Tags: South | Africa | ANC | Zuma | election

Zuma Asks South Africa's ANC to Keep Him as Leader

Sunday, 16 Dec 2012 11:43 AM

 

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JOHANNESBURG — South African President Jacob Zuma acknowledged Sunday that corruption and violence have marred the image of his African National Congress as it changed from a liberation movement to governing party, but called on members to again support him to be its leader.

Zuma addressed some 4,000 delegates as they gathered for the start of the party's Mangaung conference, being held in the city also known as Bloemfontein. There, members will decide whether Zuma, its 70-year-old leader long trailed by corruption allegations and questions about his personal life, should remain its leader or if his quiet deputy Kgalema Motlanthe should take charge.

Despite the challenge, Zuma still remains the favorite to lead the party and likely become South Africa's president after the nation's 2014 elections, as opposition parties don't garner the same support in this country of 50 million people. However, his sometimes candid comments seemed aimed at assuaging critics within the ANC, while blaming "alien" practices and outsiders for many of its current woes.

"We want to dismiss the perception that the country is falling apart," Zuma said, touching on its economic woes. "The ANC will continue to provide strong economic leadership and steer our economy boldly and we do have a plan to grow the economy and grow jobs."

The run-up to the conference has seen disrupted provincial meetings, threats and shootings of local ANC officials, as corruption allegations trail from the smallest local government to Zuma at the top. That has many wondering whether the ANC still remains the party of reconciliation and racial fellowship that icon Nelson Mandela and others envisioned.

Zuma has wide support among Zulus, South Africa's largest ethnic group, as well as from a loyal cadre of government and party officials.

But many in the public have grown disenchanted with Zuma, who former President Thabo Mbeki fired as deputy president in 2005 after he was implicated in the corruption trial of close friend and financial adviser Schabir Shaik over a 1999 arms deal.

Newspapers have written numerous articles recently about the millions of dollars of government-paid improvements made to Zuma's private homestead. Zuma has also faced accusations, by the media, of being unable to manage his personal finances and relying on friends and colleagues to bail him out, including, allegedly, Mandela himself.

Zuma has faced criticism over his sexual activity. He was put on trial for raping a family friend, and acquitted, in 2006. He also outraged AIDS activists by testifying that he had unprotected, consensual sex with an HIV-positive woman and then took a shower in the belief that it would protect him from AIDS. In the time since, however, Zuma has publicized his own HIV test results and urged the nation to practice safe sex.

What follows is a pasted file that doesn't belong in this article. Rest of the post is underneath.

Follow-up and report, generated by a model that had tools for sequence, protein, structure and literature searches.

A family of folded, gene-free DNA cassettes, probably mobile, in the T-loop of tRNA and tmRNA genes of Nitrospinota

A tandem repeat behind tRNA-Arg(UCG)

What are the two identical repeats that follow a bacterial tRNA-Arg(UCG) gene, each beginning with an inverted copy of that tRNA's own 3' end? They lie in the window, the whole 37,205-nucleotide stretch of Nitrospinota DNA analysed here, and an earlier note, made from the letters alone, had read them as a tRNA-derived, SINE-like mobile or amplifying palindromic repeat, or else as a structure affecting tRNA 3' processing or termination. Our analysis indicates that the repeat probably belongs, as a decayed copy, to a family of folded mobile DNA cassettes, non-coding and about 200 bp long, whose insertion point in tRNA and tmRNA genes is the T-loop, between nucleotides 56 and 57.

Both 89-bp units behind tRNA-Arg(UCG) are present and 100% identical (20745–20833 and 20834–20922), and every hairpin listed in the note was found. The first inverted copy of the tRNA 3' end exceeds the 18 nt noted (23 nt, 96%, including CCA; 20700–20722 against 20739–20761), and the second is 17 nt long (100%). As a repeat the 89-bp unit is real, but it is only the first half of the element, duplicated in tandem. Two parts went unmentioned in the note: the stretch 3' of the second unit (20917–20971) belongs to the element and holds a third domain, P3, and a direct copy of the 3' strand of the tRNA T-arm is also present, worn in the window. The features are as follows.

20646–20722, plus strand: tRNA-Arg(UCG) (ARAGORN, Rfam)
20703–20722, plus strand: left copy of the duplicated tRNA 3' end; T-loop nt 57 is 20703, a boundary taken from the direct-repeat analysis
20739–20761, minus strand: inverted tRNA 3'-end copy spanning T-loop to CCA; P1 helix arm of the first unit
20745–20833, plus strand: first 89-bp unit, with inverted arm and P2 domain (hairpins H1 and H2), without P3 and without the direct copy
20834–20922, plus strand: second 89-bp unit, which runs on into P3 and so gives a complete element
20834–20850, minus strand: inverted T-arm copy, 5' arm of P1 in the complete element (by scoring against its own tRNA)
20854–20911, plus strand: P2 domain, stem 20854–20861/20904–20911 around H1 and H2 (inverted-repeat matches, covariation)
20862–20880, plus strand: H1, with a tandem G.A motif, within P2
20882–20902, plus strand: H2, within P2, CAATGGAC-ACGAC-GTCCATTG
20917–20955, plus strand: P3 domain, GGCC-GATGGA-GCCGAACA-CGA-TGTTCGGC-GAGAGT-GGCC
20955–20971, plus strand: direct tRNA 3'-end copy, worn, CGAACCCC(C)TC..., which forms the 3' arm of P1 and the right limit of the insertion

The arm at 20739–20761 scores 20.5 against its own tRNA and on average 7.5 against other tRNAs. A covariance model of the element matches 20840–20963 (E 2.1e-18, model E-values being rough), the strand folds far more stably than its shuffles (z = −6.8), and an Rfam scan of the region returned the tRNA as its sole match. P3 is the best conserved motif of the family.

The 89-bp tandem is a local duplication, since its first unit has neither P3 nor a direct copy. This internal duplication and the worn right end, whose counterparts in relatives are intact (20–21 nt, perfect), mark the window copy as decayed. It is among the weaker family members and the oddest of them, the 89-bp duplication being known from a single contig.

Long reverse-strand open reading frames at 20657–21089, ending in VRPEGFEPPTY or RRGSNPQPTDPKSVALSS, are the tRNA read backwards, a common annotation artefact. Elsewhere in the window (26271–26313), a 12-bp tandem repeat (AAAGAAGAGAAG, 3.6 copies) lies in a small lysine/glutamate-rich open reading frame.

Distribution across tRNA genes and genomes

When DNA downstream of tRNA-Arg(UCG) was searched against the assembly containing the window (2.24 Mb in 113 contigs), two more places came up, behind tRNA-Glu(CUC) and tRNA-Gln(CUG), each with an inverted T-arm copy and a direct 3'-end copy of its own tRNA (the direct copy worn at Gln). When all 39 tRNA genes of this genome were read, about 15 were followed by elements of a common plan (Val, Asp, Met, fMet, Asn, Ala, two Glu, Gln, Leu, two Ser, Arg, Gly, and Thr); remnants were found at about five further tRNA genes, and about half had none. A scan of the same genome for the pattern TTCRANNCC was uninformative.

Zuma has been married six times — he currently has four wives, as his Zulu culture allows. He has 21 children, and acknowledged in 2010 that he fathered a child that year with a woman who was not among his wives.

He and the ANC have also been criticized for strikes that overtook the nation, particularly in the mining sector, and the handling of violence at the Lonmin platinum mine in Marikana that saw more than 46 people killed and sparked violence and labor unrest at other mines.

His main competition in the ANC now is a man who largely acted for weeks as though he didn't want to accept the challenge: Motlanthe, 63, the nation's vice president and a former union leader. Several provinces and the ANC's youth arm nominated Motlanthe, who only Thursday confirmed through his spokesman he had accepted his candidacy.

Motlanthe served as a caretaker president for South Africa from September 2008 to May 2009, after Zuma ousted Mbeki as leader of the ANC in tight party election. Motlanthe also offers what appears to be the opposite of Zuma's leadership — a quiet, pensive and technocratic approach that differs from Zuma's crowd-pleasing comments and dancing.

While the ANC largely doesn't have a history of candidates publicly campaigning, some analysts say Motlanthe held back on accepting the nomination because he was not sure of adequate support from rank-and-file party members to unseat Zuma.

 

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